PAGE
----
Mild Achilles tendon injury where the individual feels pain, or stiffness around the heel area, but function is mostly preserved is more common that complete ruptures. The onset of this low grade Achilles tendon pain is often of much slower onset, but not uncommonly it will gradually become irritating enough that the person seeks professional help to settle it. I will regularly see patients at my Sydney physio practice who come in after many months of symptoms, where they assumed it would self settle but find that it just continues to persist and impact their life and chosen leisure activities. Regardless of the severity Achilles tendinopathy be it of sudden onset, or more gradual like most tendinopathies symptoms can take weeks and sometimes months to completely settle, even in very mild cases.

Labeling Achilles Tendon Pain

Professionals within the medical industry often use different terms to describe tendon injury. Common terms include:

  • Tendonitis (sometimes written as tendinitis): “itis” part of the word indicates inflammation so what tendonitis or tendinitis refers to is inflammation of the tendon. This is generally no longer the preferred term when referring to tendon pathology such as occurs in Achilles tendon pain, because studies have shown that inflammation is rarely the cause of tendon pain.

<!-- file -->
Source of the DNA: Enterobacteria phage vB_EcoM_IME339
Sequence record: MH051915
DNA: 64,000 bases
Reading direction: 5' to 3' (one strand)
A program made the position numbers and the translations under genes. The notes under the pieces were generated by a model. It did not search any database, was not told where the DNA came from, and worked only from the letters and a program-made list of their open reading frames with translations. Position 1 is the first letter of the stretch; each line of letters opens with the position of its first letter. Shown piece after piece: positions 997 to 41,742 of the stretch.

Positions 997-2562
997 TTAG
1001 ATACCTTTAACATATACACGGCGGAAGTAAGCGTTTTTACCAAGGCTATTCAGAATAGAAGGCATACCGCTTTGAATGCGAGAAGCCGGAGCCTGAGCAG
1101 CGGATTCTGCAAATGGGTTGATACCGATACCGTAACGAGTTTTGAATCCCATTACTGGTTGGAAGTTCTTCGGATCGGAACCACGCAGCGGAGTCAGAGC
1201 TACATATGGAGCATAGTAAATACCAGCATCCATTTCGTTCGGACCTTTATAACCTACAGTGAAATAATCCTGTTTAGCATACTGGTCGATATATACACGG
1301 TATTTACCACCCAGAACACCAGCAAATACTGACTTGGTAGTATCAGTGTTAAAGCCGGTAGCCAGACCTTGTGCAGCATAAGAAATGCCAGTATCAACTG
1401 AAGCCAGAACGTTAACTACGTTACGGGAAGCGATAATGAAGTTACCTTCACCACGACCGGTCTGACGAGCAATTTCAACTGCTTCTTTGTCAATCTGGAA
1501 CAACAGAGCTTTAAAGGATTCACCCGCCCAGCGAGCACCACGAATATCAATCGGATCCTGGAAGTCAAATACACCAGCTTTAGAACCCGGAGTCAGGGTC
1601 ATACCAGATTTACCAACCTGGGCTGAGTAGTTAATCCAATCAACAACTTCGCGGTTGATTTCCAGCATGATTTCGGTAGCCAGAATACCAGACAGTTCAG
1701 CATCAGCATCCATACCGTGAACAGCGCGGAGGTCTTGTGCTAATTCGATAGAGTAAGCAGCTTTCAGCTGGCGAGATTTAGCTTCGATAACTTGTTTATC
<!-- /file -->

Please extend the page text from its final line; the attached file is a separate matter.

• Tendinosis: The “osis” suffix refers an abnormal or diseased state. So the word tendinosis refers to an abnormal state, in case to the Achilles tendon. Meaning there is a situation where degenerative change is present and tiny microtears in the tendon are present. This is something that doesn’t occur rapidly, with Achilles tendon pain tendinosis develops over time and as discussed overload to the tendon is a common contributor to tendinosis Achilles tendon pain.
  • Tendinopathy: “opathy” really just denotes change (‘change in’) hence tendinopathy means ‘change in’ the tendon, Achilles tendinopathy is currently the term many physiotherapist and other medical clinicians working with musculoskeletal complaints use when talking about, or labelling tendon issues such as Achilles tendon pain. It operates more as a blanket term and can cover the possibilities of the change in the tendon including, inflammation, degeneration, tears…

Although the difference between labeling tendon injury as ‘tendinitis’, ‘tendinosis’ or , tendinopathy’ seems unimportant what is going on in the tendon has implications for the management of the condition. Since ice, anti-inflammatories and rest don’t typically “fix” a tendon issue with the suffix ‘osis’, it means getting the name and diagnosis right is the first step towards getting better.

Disclaimer: Sydney Physio Clinic provides this information as an educational service and is not intended to serve as medical advice. Anyone seeking specific advice or assistance on What’s Causing My Achilles Tendon Pain?  should consult his or her physiotherapist, sports medicine specialist, orthopedic surgeon or otherwise appropriately skilled practitioner.